Travelers at many security checkpoints have two choices: a full-body scan where a screener sees everything or a full-on pat-down where a screener touches everything.
"I would rather do the pat-down than the body scanners, because I've seen what it looks like, and it's pretty much everything," said traveler Erin Derbigny, a Dallas physician.
She isn't the only one leery of the full-body image scan.
A traveler refused the body scan at San Diego's airport over the weekend.
But he objected to the pat-down, telling the Transportation Security Administration agent, "We can do that out here, but if you touch my junk, I'm gonna have you arrested."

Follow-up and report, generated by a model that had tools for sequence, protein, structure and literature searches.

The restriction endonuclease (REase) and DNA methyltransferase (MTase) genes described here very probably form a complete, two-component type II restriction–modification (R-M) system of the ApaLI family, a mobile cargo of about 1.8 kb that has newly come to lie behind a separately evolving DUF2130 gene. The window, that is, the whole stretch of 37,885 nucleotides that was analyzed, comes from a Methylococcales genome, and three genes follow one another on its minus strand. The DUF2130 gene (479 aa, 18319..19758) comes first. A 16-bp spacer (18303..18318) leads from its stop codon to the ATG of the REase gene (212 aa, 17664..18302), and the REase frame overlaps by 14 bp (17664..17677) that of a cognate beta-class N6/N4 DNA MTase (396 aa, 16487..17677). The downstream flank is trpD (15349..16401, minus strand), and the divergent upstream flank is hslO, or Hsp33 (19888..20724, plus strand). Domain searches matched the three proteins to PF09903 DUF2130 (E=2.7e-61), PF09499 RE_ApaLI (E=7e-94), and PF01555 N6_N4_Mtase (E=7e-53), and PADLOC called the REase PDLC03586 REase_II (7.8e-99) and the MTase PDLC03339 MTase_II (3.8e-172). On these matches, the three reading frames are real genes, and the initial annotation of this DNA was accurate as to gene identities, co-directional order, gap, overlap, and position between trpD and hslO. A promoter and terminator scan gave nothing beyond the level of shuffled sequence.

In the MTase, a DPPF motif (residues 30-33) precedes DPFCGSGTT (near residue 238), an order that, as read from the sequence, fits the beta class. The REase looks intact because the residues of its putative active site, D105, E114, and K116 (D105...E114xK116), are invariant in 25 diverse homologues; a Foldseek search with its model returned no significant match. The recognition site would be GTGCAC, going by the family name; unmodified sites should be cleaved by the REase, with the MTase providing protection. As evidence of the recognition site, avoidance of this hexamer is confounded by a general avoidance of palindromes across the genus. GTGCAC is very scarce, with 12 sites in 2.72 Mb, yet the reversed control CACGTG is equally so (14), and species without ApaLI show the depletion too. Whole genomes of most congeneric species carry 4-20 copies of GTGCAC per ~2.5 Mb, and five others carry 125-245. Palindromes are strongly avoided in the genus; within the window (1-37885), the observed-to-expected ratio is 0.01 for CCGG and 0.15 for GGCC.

The video he recorded on his cell phone of his pat-down has since gone viral.
But not all travelers are wary of the scans.
"If it keeps us safe, let them do all the body-scanning they need to," traveler Mark Lankin, of Plano, said.
Homeland Security Secretary Janet Napolitano said the TSA is listening to concerns from travelers who feel violated by the agency's new policies.
Napolitano said both the scanners and enhanced pat-downs are part of an effort to keep travelers safe. But she suggested changes could be made over time.
"If there are adjustments we need to make to these procedures as we move forward, we have an open ear," she said. "We will listen."
A Washington, D.C. frequent flier is proposing a protest of the full-body scanners on the day before Thanksgiving, a busy travel day. He is encouraging travelers to refuse the body scan and demand a hand screening. Travel experts say if a lot of travelers participate in National Opt-Out Day, it could create major delays.
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